Nice! I want to get one of the Chinese electrics and swap in an 8kw motor and controller. My thought has always been to use tool batteries like the 40, 60, or 80 volt stuff you can buy. This would give me a quick change option if I take it to a track. the 8kw motor should put it on nearly equal terms with a Grom/Z125.

Charger goes in the tank, it will be lighter than more batteries. But if you need room for another battery, it can certainly go in there too.
I think 8kW will be a good power level. Also that is a rated (continuous) power capability so I should be able to push closer to 12kW (16 horsepower) for a shorter time. I've read that these motors are seriously underrated, so I think my limiting factor for power will be the battery which has a max continuous draw of 150 amps.

The one reservation I have about keeping the charger in the tank is that it has a cooling fan which runs continuously while charging and I don't think I would have adequate ventilation if it stays in the tank. Unfortunately the tank on the Z does not rotate up from the front, it just pins in place and bolts down in the back. So that makes it harder to store stuff in it unless I add my own hinge.
 

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Discussion Starter #8
I spent some quality time today cursing at inanimate objects, but the end result is positive! I managed to wrestle a tire over the motor/wheel. Unfortunately the valve stem I have doesn't fit so I can't set the bead and add air until the replacement comes in. The tire is slightly larger than stock for the Z but it should fit under the fender still.

 

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Can you get those motors in a 12 inch wheel? The 13 seems really odd!

I'm wondering if this would be a good way to make a custom race bike frame, wouldn't need to fit the frame to the motor which should make it easier to design. This is still one of my goals, I want to make a mini GP bike that really fits adults, so slightly longer frame, etc. I was going to design around something like a TTR125 motor or maybe one of the turnkey engines that you can buy. But an electric would be SO COOL! Especially if I could pop off a bunch of tool batteries after practice/qualifying for the race.

My only concern about hub motors would be the temperature, how much heat will it be pushing into the tire and will it over cook the tire when you are running a race?
 

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Discussion Starter #11
Can you get those motors in a 12 inch wheel? The 13 seems really odd!

I'm wondering if this would be a good way to make a custom race bike frame, wouldn't need to fit the frame to the motor which should make it easier to design. This is still one of my goals, I want to make a mini GP bike that really fits adults, so slightly longer frame, etc. I was going to design around something like a TTR125 motor or maybe one of the turnkey engines that you can buy. But an electric would be SO COOL! Especially if I could pop off a bunch of tool batteries after practice/qualifying for the race.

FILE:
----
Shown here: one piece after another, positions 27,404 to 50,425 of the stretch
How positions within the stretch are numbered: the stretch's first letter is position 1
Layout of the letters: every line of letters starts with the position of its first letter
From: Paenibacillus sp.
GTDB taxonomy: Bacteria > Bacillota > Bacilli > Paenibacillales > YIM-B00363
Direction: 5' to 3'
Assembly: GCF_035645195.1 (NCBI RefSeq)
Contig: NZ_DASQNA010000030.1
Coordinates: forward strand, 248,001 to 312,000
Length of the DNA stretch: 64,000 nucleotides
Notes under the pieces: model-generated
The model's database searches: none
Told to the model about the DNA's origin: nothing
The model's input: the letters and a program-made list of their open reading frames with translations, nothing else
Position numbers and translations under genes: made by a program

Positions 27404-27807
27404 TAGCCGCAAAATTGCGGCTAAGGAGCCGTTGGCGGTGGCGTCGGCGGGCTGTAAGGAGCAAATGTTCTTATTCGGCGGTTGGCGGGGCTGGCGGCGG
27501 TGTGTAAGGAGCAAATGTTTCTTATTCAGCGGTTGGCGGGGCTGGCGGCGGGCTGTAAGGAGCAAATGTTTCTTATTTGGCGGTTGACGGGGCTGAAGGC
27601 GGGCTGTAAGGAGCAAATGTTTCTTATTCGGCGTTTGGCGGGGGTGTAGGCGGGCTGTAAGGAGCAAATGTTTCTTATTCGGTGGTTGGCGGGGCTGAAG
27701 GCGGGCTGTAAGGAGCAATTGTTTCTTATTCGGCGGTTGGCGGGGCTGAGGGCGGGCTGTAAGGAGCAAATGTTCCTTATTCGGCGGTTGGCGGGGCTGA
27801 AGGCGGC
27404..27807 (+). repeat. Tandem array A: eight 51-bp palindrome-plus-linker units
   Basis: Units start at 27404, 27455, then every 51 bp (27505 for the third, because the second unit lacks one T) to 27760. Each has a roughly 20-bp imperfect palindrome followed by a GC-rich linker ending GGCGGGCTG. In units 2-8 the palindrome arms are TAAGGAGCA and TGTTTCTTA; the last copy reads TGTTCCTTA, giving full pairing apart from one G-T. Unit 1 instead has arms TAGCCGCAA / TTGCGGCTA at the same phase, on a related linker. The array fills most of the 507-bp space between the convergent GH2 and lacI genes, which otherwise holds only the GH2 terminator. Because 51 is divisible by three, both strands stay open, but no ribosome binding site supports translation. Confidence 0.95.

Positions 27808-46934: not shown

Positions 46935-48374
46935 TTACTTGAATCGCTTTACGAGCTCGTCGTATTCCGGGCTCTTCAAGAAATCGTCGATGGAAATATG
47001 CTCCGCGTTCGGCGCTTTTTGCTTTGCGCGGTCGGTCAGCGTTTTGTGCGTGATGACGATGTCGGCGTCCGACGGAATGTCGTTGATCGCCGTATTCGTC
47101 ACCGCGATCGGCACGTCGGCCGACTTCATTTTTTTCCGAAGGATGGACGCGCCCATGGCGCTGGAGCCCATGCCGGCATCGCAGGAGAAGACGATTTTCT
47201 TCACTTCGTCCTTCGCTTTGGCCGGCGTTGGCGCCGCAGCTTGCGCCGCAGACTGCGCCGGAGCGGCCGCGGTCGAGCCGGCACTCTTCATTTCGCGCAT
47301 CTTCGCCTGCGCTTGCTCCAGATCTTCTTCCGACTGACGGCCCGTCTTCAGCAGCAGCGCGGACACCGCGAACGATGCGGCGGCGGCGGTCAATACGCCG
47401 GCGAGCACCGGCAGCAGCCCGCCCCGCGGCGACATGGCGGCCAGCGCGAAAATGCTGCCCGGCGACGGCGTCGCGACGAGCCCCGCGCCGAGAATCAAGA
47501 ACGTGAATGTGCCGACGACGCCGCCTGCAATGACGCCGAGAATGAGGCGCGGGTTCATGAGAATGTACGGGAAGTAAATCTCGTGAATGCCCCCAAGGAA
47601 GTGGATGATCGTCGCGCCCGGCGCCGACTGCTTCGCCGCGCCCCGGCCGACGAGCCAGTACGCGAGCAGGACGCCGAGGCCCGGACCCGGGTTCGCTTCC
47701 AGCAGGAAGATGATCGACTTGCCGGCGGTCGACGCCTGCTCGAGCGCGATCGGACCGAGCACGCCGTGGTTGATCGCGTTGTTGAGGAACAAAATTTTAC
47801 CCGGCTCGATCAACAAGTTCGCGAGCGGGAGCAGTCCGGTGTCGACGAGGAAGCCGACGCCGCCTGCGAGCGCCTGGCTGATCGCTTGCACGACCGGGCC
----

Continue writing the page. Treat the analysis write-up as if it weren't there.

My only concern about hub motors would be the temperature, how much heat will it be pushing into the tire and will it over cook the tire when you are running a race?
Yeah it is a weird size and limits tire choices too. Unfortunately their 12" wheels only go up to 5kW and I wanted the extra power. Also since it is direct drive the larger tire will get you a little more top speed for the same max motor RPM.

I'm not too sure how much heat to expect in the tire. I'll have to ride it hard and report back. The motor does have a temperature sensor so the controller will monitor and can reduce current above a certain threshold (recommended 100 deg C). The motor rated power is for continuous operation and I wouldn't be able to use 8kW continuously unless I was trying to keep up with highway traffic for extended time so I don't expect issues with street riding.
 

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Discussion Starter #12
I got everything arranged on the bike this weekend to see how it all fits. Overall I like how it looks!

The battery fits in there well and doesn't really look all that out of place. The controller is a really tight fit on top of it but I think it works there. Right now I don't have it mounted firmly but I can make a bracket to tie into those bolt holes on the side of the frame. I need to relocate the horn too so that will have to attach to this custom bracket as well. I'm not sure if the fairings fit over this yet but I've got my fingers crossed.



The wheel/motor will sit slightly behind where the stock one was. I'm making a plug that goes into the back of the swingarm and provides the slotted mount to hold the motor axle. The cable bundle from the motor runs up along the inside of the chain guard toward the controller.



Once I took the battery and ECU out, the DC-DC converter (72V battery step down to 12V to run lights and gauges) and the main contactor fit in there. Honestly I don't think I need a particularly sturdy mount for these, some zip ties or heavy rubber bands will probably work.



Next step is to pull the battery box back out and cut the spacers that will make sure it holds in this position where I like it. Then I'll get it and the other components mounted permanently and start to finalize the wiring.
 

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Looks like your using and made a mount for the VDS ?